Advocacy and its future

The background to QASA and its possible evolution; and a look at the debate surrounding fusion of the profession

Contributor
Michael Todd QC, Bar Chairman

“This was my first experience of the Family Court system and I was deeply impressed with the level of care and attention with which [X] ‘was just doing her job’. At a very vulnerable time I felt protected, reassured and offered the confidence and clarity with which to make my choices. While I had only met her once before and knew I was benefitting from her years of experience of more complex case work, she made me feel my case was just as important.” Not my personal experience, but the experience of an intelligent and articulate litigant before our Courts, set out by that grateful litigant in her letter to me of 26 January. It is a testament to a very able barrister; a barrister who is, herself, a testament to the excellence and quality of the Bar. As Chairman of the Bar, I was proud to receive that letter.

So why do advocates need to be quality assured? The germ of the idea for a scheme for the quality assurance of advocates (QASA) is to be found in the Carter Review Report in July 2006. The Executive Summary of that Report stated that “there should be a minimum standard of quality for all legal aid practitioners assured through peer review.” The Department of Constitutional Affairs (as then was) presented a Report to Parliament in November 2006 as a result of the Carter Review which stated that “Quality is at the heart of our legal aid reforms. We need to ensure that changes to the procurement system do not compromise good quality service for clients and defendants. Quality is essential to the market-based approach in our legal aid reforms, as price can never be the sole consideration for awarding contracts. All providers wishing to undertake legal aid work should pass a strict quality threshold. Such an assurance of professional quality should both protect and help individuals to have confidence in the service that they receive, and also contribute to an overall sense of trust in the justice system.”

There can be no doubt that the criminal justice system is dependent upon good quality advocacy to deliver fair results. The criminal Bar, rightly, prides itself on its advocacy skills, the quality of which is far above and beyond the lowest common denominators of competence at which some fear any quality assurance scheme may wish to assess advocates. I know of no consumer of legal services, be that the Government, the public or the Judiciary, who sees any benefit, or public interest, in the creation of more than one scheme for quality assurance, and particularly of assessment, or in ‘salami slicing’ the advocacy function between trials and pleas. Advocates must be assessed, if they are to be assured advocates, on the full range of advocacy skills and competencies.

The BSB website states: “(T)he public interest and consumer protection require a proactive approach to assuring advocacy competence in the criminal courts. Under the Legal Services Act 2007, the regulators are responsible for setting and maintaining standards within their respective professions. This includes a requirement upon them to have in place effective quality assurance arrangements.” There is little doubt in my mind that, over time, there will be calls to quality assure advocates practising in areas other than crime.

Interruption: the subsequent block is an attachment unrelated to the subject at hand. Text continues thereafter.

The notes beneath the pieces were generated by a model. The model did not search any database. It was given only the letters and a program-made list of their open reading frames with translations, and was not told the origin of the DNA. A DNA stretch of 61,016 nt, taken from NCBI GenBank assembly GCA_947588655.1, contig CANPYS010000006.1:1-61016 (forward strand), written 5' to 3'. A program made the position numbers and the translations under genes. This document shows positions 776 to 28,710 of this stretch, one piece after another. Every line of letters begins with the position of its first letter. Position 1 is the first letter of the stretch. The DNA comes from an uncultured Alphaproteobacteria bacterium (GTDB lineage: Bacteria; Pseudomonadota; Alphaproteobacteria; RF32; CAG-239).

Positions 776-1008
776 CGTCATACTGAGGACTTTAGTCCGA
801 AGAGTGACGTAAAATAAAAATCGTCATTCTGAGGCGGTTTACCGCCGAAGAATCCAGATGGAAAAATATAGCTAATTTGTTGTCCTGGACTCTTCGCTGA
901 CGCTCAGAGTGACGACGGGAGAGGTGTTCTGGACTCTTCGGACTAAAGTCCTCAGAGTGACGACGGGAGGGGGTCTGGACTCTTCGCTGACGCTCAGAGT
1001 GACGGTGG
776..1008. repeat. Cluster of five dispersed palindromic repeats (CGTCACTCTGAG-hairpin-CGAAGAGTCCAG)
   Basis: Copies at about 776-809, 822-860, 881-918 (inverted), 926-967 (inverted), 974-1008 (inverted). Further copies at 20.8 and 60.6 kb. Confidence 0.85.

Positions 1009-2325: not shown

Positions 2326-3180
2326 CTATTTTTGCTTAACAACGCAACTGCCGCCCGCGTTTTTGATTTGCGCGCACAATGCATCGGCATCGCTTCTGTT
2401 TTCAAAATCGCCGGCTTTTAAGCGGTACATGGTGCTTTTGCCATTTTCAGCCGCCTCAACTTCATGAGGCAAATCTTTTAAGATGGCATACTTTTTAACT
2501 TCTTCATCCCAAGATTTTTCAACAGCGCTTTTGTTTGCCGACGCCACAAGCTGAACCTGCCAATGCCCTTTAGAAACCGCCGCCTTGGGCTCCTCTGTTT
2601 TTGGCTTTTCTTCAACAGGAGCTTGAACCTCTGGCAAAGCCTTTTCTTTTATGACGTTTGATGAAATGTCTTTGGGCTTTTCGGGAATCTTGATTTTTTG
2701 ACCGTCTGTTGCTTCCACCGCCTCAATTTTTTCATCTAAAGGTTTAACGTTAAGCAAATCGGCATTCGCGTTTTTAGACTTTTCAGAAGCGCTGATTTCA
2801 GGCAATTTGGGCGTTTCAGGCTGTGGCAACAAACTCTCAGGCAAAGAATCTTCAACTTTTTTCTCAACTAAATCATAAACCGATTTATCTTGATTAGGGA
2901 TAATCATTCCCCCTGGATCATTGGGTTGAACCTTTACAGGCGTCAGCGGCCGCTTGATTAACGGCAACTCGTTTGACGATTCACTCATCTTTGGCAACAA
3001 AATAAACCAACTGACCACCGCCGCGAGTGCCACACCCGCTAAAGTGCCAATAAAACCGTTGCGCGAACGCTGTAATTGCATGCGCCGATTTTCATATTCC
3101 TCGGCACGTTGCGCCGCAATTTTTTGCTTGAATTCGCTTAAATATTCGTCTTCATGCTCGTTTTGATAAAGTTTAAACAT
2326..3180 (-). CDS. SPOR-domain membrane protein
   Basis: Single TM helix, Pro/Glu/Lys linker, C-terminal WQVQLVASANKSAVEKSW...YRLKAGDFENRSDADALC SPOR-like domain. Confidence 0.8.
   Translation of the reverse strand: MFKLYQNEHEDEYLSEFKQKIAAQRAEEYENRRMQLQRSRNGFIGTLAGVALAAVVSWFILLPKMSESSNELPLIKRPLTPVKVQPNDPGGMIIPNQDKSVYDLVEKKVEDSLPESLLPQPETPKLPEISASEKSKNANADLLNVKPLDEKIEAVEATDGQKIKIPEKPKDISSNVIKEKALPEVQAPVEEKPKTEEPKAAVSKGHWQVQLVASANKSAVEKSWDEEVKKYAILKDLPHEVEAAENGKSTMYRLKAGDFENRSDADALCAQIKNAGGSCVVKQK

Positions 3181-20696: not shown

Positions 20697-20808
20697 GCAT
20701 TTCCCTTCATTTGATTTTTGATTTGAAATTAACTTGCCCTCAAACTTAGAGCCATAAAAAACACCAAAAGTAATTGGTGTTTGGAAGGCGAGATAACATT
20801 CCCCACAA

But what does this mean in quality assurance terms for those not practising in crime? The BSB’s position, as I understand it, is that it sees its quality assurance responsibilities and activities as forming part of good regulatory practice. It is not suggested, so far as I am aware, that there is any evidence-based need for a similar scheme for advocacy in other practice areas. Thus whilst quality assurance is likely to be rolled out across the Bar as part of the BSB’s good regulatory practice, that does not mean that ‘QASA Crime’ gets rolled out beyond those practising in crime. We must, however, start to think about how we are able to evidence the absence of any need for any such scheme and/or be proactive and cooperative in devising a scheme to demonstrate how quality can be assured. In this SBAs have a really important role to play and should start by asking and answering the questions “what does quality in the provision of legal services in our area of law look like? Would users of our services articulate it in the same way?”

In an article entitled “Law Society President: split in profession to end”, on 25 January, the Law Society Gazette reported on John Wotton’s speech to the Said Business School in Oxford, “Fission or Fusion; Independence or Constraint.” The Gazette reported that the President thought it inevitable that the professions will “need to revisit the question whether [they] should continue to be separately trained, represented and regulated,” adding that he envisaged a time “when the distinction will be more a decorative than a functional aspect of our legal constitution.”

What the Gazette omitted to report, however, was the following from the President’s speech: “I assume, however, that the two separate professional titles of barrister and solicitor will survive for the foreseeable future, if only because there is no strong current of opinion in favour of fusion on the part of the members of the professions or their clients.”

I suggest the reason is that solicitors recognise and value the quality and excellence with which the Bar delivers its specialist advocacy and advisory services. When the fact is recognised that not all solicitors wish to provide advocacy services and that not all barristers wish to perform litigation services, perhaps this sterile debate can be laid to rest. I leave you with this thought; is this now the time for all would-be advocates to elect to come to the Bar?